Where are all the senior beauty consultants?

— by Alyson Walsh


Photo of Sarah Jane Adams: WWD

Last week was my 65th birthday. Yay – made it! Says Vicci Bentley. As well as the cards (some pensive, many more facetious) were a couple of plugs for funeral insurance plans. Well, cheers for that, I thought. These vultures may think I have one foot in the grave, but if the latest stats are anything to go by, at least I’ll ‘die’ a good colour, as my dear old ma used to say.

The 2016 report by beauty site reveals that customers aged between 50 and 80 surged by more than 210% since last year, when they revealed that 60-plussers accounted for a quarter of all beauty buys. No denying it, we mellowing baby boomers are now the biggest beauty spenders in the UK – and counting. As Kate Finnigan reminded us in her Stella magazine feature on ‘How the fashion world is finally waking up to the power of the older woman’, by 2020 (yikes, that’s only four years away!) the number of people over 65 will rise by 1.1 million.

Clearly, there’s never been a better time to be senior. We’re now used to seeing contemporaries as ‘ambassadors’ in fashion and beauty ads. In beauty circles, the ‘anti-ageing’ tagline has reached its tipping point as a reason to buy some serum or other and even ‘pro-ageing’ is being debated. Is it positive? Is it patronising? Do we need an ‘age appropriate’ handle at all? I quite fancy ‘age active’ myself, but I’m open to suggestions….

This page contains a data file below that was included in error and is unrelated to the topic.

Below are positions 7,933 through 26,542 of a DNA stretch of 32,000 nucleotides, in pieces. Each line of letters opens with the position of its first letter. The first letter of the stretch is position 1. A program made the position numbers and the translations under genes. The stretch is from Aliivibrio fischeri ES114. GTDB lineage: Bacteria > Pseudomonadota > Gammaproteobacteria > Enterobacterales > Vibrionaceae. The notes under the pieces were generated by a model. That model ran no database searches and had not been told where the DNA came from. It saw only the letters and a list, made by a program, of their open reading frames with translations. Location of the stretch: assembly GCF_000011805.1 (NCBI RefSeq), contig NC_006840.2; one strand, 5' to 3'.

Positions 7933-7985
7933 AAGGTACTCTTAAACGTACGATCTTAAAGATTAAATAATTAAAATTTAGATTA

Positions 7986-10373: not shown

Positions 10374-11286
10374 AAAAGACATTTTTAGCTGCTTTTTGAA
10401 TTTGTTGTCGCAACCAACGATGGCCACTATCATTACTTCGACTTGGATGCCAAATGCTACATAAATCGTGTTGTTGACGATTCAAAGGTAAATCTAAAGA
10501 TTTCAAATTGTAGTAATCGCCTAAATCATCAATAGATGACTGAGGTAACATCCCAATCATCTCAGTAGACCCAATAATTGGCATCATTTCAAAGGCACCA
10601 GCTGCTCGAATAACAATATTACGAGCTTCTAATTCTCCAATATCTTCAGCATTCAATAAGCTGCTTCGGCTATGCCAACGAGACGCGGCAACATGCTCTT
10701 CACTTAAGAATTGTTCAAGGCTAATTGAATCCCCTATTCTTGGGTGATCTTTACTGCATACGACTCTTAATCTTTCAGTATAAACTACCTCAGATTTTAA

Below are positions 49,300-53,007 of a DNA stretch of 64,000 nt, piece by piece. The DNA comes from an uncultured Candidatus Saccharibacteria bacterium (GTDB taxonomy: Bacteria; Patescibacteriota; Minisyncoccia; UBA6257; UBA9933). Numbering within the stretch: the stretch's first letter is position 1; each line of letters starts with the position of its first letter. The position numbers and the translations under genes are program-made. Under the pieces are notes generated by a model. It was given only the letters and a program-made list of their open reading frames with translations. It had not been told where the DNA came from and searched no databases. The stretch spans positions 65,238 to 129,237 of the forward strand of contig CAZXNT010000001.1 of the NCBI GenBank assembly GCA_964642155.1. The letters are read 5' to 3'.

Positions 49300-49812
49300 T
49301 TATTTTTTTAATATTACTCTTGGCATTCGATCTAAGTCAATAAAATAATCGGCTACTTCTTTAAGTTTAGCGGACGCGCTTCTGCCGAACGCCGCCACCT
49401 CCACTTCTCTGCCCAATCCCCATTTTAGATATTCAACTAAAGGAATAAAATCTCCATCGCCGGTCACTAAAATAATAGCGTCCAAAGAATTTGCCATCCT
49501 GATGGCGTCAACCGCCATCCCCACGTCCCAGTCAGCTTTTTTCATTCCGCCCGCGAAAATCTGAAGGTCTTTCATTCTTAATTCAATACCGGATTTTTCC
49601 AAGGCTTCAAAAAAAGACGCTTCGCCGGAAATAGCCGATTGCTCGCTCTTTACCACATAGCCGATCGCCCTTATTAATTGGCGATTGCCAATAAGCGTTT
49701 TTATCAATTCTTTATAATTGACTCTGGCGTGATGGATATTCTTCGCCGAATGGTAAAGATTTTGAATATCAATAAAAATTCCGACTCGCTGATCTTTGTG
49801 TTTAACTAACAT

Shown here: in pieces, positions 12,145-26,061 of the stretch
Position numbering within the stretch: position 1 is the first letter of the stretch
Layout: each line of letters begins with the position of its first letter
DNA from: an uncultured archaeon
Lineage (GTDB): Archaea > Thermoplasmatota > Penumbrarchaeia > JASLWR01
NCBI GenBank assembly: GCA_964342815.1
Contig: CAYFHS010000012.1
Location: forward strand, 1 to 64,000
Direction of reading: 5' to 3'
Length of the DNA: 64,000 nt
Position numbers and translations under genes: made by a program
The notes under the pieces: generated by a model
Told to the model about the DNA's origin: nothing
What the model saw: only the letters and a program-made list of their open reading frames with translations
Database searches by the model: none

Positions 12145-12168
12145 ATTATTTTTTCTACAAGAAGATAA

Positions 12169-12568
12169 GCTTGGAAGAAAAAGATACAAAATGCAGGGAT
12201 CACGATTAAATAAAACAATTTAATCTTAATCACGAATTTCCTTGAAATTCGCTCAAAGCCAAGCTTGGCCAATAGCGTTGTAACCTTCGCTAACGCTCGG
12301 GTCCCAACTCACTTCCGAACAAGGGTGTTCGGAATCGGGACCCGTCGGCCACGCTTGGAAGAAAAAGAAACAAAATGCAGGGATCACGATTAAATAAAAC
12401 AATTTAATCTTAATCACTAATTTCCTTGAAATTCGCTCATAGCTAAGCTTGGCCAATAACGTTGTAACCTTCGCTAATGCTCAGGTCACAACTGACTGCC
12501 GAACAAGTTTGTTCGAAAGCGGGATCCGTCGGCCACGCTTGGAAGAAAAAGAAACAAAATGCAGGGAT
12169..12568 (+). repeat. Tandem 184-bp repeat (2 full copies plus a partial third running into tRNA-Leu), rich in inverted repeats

But there’s one thing about planet beauty that I just don’t get. If we’re such big spenders, down on the shop floor, where are all the senior consultants to help us? A few weeks ago, I did a mini survey in Oxford Street. Gorgeous young things in cool outfits at beauty counters, including several pretty young men. But as far as I could tell, the spirit of inclusion seemed to peter out around the 35 mark, except for perhaps in John Lewis where I spotted two or three potential 50-plussers.

Call me prejudiced, but I’m way more likely to take advice from an elegant contemporary than a teenager with an entire makeup range on her face. And I’m so not alone. Tricia Cusden, 71, founded her Look Fabulous Forever website and makeup range because she was fed up with being sold products that didn’t suit her by young consultants who misjudged her.

Think about it. How on earth can someone barely past puberty tune into the post-menopausal gestalt? Beauty companies will tell you that consultants are allocated to stores according to the demographic. Were that entirely accurate, 50-plussers on heavingly busy Oxford Street – or anywhere else come to that – would be as endangered as dormice.

So here’s the thing. Since we’ll probably have to work until we’re 70 to afford our beauty buys, let’s lobby cosmetic companies to positively recruit senior consultants to sell us what we actually need. The potential for empty nesters returning to the workplace, or early retirers starting new careers would be tremendous. On the other side of the counter, the trust would be commensurate – enough perhaps, to coax us back into stores and away from online anonymity. A win-win situation? At the end of the day, it takes one to know one. So let us know what you think. Do you want to buy beauty from women like you?


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Last week was my 65th birthday. Yay – made it!